No, I don’t believe civil and criminal cases should be proven in the same manner, but should have different burdens of proof. This is because the courts are dealing with two different objectives. In a criminal case the objective is punishment and looking after the public interest. The objective of a civil case is a redress of wrongs and addresses a private matter between two parties. In the United States, criminal law is considered more serious than in civil law, which can be seen in the fact that criminal defendants have more rights and protections than civil defendants. Because of this, as mentioned in the previous post, punishment for each case is different.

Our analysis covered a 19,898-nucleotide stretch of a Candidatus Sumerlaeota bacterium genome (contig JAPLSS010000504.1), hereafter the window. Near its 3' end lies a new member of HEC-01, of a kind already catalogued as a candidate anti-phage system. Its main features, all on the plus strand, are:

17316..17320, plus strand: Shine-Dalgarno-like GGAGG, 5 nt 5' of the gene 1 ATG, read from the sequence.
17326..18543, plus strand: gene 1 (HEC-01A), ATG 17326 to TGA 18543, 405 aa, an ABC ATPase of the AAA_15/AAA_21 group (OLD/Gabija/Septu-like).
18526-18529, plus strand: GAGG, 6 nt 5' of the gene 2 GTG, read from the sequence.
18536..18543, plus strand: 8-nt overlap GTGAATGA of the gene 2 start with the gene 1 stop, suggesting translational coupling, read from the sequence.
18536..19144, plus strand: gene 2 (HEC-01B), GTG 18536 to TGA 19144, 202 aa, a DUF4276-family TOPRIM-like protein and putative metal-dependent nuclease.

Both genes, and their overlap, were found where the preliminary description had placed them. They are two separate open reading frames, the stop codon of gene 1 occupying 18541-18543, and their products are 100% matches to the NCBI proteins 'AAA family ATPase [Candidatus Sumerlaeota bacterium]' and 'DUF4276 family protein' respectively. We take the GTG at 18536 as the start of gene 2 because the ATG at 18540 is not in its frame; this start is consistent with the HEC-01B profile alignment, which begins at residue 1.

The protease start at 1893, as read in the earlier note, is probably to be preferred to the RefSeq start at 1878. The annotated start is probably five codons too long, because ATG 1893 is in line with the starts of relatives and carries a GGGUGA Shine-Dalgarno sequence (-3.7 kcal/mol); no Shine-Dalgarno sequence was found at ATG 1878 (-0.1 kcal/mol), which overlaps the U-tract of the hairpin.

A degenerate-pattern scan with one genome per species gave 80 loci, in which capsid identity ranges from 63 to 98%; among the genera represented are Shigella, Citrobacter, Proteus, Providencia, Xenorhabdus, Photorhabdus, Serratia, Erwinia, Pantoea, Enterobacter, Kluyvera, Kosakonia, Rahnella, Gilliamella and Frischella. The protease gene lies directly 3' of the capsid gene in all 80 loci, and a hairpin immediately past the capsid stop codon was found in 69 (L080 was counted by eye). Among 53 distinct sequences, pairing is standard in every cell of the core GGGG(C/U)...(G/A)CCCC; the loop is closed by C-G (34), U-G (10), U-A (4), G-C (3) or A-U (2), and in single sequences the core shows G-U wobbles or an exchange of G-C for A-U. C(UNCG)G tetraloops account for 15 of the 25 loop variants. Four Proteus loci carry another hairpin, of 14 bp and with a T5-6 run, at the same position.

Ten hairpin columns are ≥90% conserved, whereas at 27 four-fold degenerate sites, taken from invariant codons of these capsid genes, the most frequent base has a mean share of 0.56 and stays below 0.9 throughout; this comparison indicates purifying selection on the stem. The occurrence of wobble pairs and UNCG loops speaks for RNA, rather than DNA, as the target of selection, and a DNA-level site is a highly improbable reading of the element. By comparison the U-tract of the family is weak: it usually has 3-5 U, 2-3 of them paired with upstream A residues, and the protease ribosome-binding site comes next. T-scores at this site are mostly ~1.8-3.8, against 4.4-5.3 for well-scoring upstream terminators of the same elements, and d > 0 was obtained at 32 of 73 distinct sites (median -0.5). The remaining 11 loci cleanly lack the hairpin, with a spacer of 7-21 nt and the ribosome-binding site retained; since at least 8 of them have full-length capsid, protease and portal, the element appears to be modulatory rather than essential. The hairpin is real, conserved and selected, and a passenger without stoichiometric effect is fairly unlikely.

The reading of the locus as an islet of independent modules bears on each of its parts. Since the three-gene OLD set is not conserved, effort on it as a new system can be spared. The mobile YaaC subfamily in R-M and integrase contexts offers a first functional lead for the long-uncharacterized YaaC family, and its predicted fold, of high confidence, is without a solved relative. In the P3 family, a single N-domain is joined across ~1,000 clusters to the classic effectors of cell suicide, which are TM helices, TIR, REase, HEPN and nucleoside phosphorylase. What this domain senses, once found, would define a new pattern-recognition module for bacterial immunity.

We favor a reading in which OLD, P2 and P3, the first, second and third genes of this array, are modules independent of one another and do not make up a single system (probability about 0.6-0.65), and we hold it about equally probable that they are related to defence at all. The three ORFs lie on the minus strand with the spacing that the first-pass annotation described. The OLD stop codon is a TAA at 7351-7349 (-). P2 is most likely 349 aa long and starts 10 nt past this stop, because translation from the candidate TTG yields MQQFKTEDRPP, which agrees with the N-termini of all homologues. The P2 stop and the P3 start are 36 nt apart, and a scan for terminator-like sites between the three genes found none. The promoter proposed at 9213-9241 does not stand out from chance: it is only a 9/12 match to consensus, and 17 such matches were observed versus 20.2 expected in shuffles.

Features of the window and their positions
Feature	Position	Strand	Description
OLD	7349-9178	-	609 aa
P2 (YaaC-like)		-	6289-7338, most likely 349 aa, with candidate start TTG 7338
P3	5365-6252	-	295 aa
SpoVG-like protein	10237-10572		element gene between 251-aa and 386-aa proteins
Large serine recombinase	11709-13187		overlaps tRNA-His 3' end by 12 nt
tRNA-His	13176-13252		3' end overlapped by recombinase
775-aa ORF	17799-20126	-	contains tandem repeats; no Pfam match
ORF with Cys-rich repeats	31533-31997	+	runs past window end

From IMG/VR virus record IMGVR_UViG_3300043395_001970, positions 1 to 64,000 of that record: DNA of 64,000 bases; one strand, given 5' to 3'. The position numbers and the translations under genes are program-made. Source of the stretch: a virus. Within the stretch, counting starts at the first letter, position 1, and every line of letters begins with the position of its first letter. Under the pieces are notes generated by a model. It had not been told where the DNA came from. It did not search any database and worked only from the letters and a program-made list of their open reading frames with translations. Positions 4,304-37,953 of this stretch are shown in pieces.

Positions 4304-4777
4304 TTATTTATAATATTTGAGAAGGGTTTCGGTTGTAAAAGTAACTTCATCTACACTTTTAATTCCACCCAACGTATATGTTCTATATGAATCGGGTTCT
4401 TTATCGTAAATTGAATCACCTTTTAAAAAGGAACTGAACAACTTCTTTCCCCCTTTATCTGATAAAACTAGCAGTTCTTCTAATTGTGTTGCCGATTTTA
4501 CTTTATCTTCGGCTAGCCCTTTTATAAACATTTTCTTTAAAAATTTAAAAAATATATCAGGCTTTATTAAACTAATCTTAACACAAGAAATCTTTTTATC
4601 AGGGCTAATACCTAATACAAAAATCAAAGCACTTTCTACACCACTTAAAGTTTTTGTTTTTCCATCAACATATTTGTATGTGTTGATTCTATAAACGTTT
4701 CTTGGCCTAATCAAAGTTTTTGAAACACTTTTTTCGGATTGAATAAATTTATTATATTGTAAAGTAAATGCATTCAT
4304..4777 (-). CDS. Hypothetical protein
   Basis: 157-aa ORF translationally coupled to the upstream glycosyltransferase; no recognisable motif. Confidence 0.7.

I assume that you are talking about standards of proof in the two kinds of cases. In the US, a prosecutor must prove the defendant's guilt beyond a reasonable doubt (in a criminal case). By contrast, a plaintiff must only prove that there is "clear and convincing evidence" that the defendant in an important civil case is culpable. I think that it is important to have differences between the two kinds of cases.
The reason I think this is that criminal cases are clearly more important than civil cases. In a criminal case, the defendant can go to prison or even be executed. This ought to have a higher standard of proof than would be required if all that was at stake was money. It is not to say that money is unimportant, but it surely is less important than being sent to prison.
So, I think there should be different standards of proof since criminal cases have so much more impact on the lives of the defendants.